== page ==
"Well," he told me, "it didn't set off the scanner, so I guess it'll be OK."

We're all friends here, so I'm going to admit to a certain skepticism bordering on cynicism. The truth is, I thought he might be kidding. He was not, and he resented the implication. Words were exchanged, gestures were made, but he made no move to retrieve the bag. Strike two for Don. Eventually, I think it dawned on him that I must be very early for my flight and therefore would not sigh and go running for the gate soon, and he offered to get his supervisor. I very carefully and politely told him that I would appreciate it if he would do that for me. The supervisor, alas, did not find my predicament compelling.

"I mean," she allowed, looking up at me earnestly, "it made it through the scanner and didn't alert security, so it'll just get off at the next stop and you can get it then. Are you going to go nonstop from here?"
"Well, no, I have a stopover in Philadelphia first."
"OK, see, the luggage will go straight from plane to plane, so it probably won't go through security again. It'll be fine."
"Uh . . . right, but . . . if it does go through security, or I get caught with an undeclared .45-caliber pistol and ammunition on an airliner some other way, I'll be in Philadelphia. What do I tell them? The TSA supervisor in Norfolk said it'd be OK?"
The next moment was probably shorter than it seemed. There was silence and staring. I blinked, but I don't think she did. In retrospect, I wonder if the synchronizers on the gearshift of her mind were not a bit worn; she seemed to be having trouble downshifting. In the end, life unexpectedly animated her features and a smile spread across her face. She'd had an idea.

"Sir, would you like me to go get the bag out of the back so you can do the declaration?"

"I . . . would . . . appreciate that very much. Thank you."



*Google returns 37,700 results for "felt up by TSA agents." Just thought you should know.

6 comments:

Justin Buist said...

I bought a specialized lock designed to be opened by TSA keys after being advised that I might be separated from my luggage and the TSA would cut my lock if they couldn't open it--leaving me on my own to find another lock, if I could, or be prohibited from flying with the firearmHuh. The one and only time I flew with a firearm was back in 2005 and the rules were that nobody but you could open a locked case. The TSA would often ask for the keys, or combination, but technically speaking you were in violation of the law if you gave it to them.

Got a link to this TSA backdoored case?

Don Gwinn said...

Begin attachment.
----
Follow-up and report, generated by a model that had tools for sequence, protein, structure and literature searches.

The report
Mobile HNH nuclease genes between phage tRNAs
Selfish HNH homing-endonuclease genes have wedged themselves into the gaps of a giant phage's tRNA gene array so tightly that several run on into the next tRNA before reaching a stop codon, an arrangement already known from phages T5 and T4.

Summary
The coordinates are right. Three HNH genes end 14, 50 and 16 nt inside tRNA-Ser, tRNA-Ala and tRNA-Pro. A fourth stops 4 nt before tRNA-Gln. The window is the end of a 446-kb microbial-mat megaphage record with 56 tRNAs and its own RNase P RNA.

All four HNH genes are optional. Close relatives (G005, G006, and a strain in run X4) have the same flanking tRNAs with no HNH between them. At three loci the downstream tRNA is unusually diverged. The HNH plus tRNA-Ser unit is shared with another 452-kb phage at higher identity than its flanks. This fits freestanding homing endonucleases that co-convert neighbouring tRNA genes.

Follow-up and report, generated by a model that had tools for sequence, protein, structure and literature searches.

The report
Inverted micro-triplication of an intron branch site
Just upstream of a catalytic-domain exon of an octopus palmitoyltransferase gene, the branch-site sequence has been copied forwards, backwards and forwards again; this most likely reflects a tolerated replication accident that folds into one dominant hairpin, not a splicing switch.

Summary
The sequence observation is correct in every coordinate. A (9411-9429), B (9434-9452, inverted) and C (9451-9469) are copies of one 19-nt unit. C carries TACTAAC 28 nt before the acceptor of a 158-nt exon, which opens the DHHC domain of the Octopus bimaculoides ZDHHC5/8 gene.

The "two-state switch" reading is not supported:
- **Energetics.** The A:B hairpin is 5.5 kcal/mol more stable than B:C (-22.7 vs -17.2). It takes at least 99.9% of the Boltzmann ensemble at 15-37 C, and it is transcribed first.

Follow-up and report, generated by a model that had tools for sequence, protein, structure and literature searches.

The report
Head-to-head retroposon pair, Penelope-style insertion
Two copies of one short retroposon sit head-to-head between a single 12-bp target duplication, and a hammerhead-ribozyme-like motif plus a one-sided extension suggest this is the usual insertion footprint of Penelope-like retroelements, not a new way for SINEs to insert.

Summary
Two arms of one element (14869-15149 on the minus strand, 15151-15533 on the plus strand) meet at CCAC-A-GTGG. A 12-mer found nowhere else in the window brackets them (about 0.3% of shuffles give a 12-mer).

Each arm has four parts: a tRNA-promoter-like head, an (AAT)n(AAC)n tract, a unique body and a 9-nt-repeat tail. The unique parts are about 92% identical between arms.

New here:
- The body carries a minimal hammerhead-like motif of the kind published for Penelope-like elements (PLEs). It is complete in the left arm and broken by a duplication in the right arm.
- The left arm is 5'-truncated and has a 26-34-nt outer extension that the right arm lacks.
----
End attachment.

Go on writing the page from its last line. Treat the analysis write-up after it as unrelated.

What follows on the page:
http://www.tsa.gov/travelers/airtravel/assistant/locks.shtm

Basically, you just need to find a lock with the red diamond symbol on it at your local hardware store. I bought mine at Meijer.

It may very well be that they still have a rule against opening firearm cases (as opposed to your standard luggage full of toothpaste, illegal fruit and sex toys) so maybe I spent money I didn't have to, but I needed the locks either way.

Anonymous said...

It appears to be a double edged sword: One side is without the special lock the TSA may have to cut yours off and leave the contents of your case unprotected; the Other side is WITH the special lock you would never know if the TSA opened your case in your absence. It would be best to put two locks through the same hole: 1 standard and 1 special and hope that they only cut the one they don't have the combination to.

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Johnnyreb™ said...

Ticket Agent Supervisor/TSA Agent in Bozeman, MT called security on me for insisting that the declaration went inside the case with the firearm. She wanted it just laying on top of the case where it could float around inside the suitcase ...

TSA locks for the suitcase, regular locks for the gun cases.

Anonymous said...

I am a screener with TSA, and the blog comments about the agency always peak my interest. At my airport, we don't care one way or another if you have a firearm in your checked luggage. The baggage screening machines are only looking for one thing, explosives. I'm a firearms enthusiast so I like to look at the firearms that people check, but TSA regulations forbid me from touching them. As for us going through luggage, everything we do is recorded on a plethora of cctv cameras, if screeners are stealing, they will be caught and prosecuted.